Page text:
Authors: Wen D, Yu J, Zeng Z, McAlinden C, Hu L, Feng K, et al.
Geographical coverage: Europe, Asia, and North America
Equity focus: None
Study population: People who had received surgery for myopia and had subsequently undertaken IOL power calculations.
Review type: Effectiveness review
Quantitative synthesis method: Meta-analysis using no history methods.
Qualitative synthesis method: Not applicable
LASIK, PRK, and LASEK are frequently used surgical techniques to rectify myopia. It’s widely acknowledged that past corneal laser refractive surgeries can pose challenges in obtaining precise biometry during cataract surgery. Over the last two decades, numerous strategies have been devised to enhance the precision of intraocular lens (IOL) power estimation in such cases. Given the challenges in accessing past data, methods that don’t rely on historical data are considered optimal for calculating IOL power. Research has also indicated that these no-history methods can yield superior results compared to those that use historical data.
Objectives: To systematically compare and rank the predictability of no-history intraocular lens (IOL) power calculation methods after myopic laser refractive surgery.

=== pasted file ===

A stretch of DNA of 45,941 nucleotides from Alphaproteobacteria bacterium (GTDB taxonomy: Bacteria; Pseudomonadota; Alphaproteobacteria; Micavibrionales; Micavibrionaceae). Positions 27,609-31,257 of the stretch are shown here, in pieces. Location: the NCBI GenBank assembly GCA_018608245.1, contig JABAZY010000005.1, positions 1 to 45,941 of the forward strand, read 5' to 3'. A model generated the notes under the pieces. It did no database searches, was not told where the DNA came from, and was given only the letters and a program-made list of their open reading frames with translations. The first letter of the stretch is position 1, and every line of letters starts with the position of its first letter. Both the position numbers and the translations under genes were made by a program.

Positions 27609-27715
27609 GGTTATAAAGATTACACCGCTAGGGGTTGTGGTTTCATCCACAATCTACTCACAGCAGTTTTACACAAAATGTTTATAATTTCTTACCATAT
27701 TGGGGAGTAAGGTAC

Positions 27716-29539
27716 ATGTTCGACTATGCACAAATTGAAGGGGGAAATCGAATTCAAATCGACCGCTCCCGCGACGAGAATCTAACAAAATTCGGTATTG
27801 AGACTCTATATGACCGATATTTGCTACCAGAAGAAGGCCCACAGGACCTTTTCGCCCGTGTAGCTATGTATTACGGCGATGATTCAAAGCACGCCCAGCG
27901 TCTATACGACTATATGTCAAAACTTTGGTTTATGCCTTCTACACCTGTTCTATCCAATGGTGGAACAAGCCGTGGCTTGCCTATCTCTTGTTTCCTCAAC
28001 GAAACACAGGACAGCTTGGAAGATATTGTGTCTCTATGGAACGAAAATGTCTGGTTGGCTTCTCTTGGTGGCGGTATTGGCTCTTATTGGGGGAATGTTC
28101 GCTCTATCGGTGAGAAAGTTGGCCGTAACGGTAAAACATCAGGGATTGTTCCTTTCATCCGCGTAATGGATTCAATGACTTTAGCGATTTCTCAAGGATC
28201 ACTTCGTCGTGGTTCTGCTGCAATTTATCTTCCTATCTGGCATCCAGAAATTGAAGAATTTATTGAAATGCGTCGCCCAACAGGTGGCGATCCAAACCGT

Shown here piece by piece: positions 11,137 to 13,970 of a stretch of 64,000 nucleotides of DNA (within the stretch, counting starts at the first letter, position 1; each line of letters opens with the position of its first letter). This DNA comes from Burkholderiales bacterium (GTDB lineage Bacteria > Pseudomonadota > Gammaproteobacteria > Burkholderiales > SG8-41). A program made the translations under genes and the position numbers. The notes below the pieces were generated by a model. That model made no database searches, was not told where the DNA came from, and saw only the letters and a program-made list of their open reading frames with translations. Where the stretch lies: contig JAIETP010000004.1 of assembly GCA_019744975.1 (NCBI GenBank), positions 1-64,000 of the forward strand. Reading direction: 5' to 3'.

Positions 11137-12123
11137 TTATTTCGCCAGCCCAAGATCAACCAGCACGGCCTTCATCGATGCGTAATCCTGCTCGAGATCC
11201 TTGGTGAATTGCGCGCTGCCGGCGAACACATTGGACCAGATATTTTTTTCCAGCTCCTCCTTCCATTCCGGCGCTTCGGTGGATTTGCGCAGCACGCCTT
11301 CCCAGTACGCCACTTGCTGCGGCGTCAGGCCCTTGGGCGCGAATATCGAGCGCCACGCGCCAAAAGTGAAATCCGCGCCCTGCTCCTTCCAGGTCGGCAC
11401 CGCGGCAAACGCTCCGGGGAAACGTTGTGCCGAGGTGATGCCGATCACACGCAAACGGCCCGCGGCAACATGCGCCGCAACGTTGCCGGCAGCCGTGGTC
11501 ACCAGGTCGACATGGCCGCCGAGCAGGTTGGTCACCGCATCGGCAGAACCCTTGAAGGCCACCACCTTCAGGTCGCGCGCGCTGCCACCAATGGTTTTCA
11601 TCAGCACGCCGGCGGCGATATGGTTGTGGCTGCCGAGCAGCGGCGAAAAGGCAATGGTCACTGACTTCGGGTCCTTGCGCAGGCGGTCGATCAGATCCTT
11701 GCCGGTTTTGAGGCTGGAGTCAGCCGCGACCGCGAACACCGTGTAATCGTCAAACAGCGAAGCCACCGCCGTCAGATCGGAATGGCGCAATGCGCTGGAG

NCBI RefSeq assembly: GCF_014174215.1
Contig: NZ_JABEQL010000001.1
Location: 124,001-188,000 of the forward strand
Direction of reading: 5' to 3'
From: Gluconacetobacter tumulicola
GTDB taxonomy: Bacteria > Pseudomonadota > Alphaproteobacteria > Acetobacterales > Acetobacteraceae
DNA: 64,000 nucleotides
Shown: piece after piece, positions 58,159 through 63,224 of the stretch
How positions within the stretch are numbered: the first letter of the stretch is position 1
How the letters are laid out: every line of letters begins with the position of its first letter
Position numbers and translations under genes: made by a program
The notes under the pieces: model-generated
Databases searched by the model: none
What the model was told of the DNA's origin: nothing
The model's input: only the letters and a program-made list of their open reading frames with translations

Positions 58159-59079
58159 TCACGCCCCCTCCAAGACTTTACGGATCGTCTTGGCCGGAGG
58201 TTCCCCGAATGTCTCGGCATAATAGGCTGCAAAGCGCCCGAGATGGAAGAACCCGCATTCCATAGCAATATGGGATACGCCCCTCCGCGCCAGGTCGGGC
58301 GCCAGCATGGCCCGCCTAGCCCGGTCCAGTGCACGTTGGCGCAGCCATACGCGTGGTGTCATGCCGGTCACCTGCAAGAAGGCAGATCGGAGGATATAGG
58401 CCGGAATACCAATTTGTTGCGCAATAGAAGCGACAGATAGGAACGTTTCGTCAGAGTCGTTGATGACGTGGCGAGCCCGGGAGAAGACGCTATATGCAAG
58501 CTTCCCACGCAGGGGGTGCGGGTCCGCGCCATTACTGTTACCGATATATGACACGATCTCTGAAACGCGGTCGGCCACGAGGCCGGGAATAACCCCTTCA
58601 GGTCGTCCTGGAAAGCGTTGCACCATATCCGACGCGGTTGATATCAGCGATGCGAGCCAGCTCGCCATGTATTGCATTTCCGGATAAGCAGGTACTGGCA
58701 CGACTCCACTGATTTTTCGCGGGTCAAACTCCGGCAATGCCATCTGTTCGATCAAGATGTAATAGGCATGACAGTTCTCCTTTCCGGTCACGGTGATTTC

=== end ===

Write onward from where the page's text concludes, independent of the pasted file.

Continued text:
Taking into account the three outcome measures – highest percentages of eyes with a prediction error (PE) within ±0.50 and ±1.00 D, lowest mean absolute error (MAE), and lowest median absolute error (MedAE), researchers identified the top three no-history formulas for intraocular lens (IOL) power estimation in eyes that had undergone myopic corneal laser refractive surgery. These were: ORA, BESSt, and Triple-S (D-K SRK/T).
A total of 19 studies were included in the network meta-analysis. Included trials were published from 2009 to 2019. Almost all trials involved three or more formulas, with the exception of three atudies which had only two formulas. Of the included 19 trials, four recruited participants from Europe, six from Asia, and nine from North America. The majority of included studies (n=18) were regarded as high quality.
The studies analysed 1,098 eyes using 19 different formulas. The network meta-analysis revealed that certain formulas (Okulix, ORA, BESSt, Triple-S (D-K SRK/T), and Fourier-Domain OCT-Based) were more accurate in predicting the percentage of eyes with a prediction error (PE) within ±0.50 D compared to others. The top four formulas, according to the surface under the cumulative ranking curve (SUCRA) values, were Okulix, ORA, BESSt, and Triple-S (D-K SRK/T). The ORA formula showed fewer errors than the Shammas-PL formula. The top four formulas based on SUCRA values were Triple-S, BESSt, ORA, and Fourier-Domain OCT-Based. The formulas with the lowest median absolute error (MedAE) were SToP (SRK/T), ORA, Fourier-Domain OCT-Based, and BESSt.Node-splitting analysis in terms of PE within ±0.50 or ± 1.00 D and MAE showed significant consistency (p >.05). The design-by-treatment interactions model was used and found that the global inconsistency existed in the MAE (p = .0046). The funnel plots showed that the included studies lie symmetrically around the 0 line (vertical line) with respect to the PE within ±0.50 or ±1.00 D and MAE.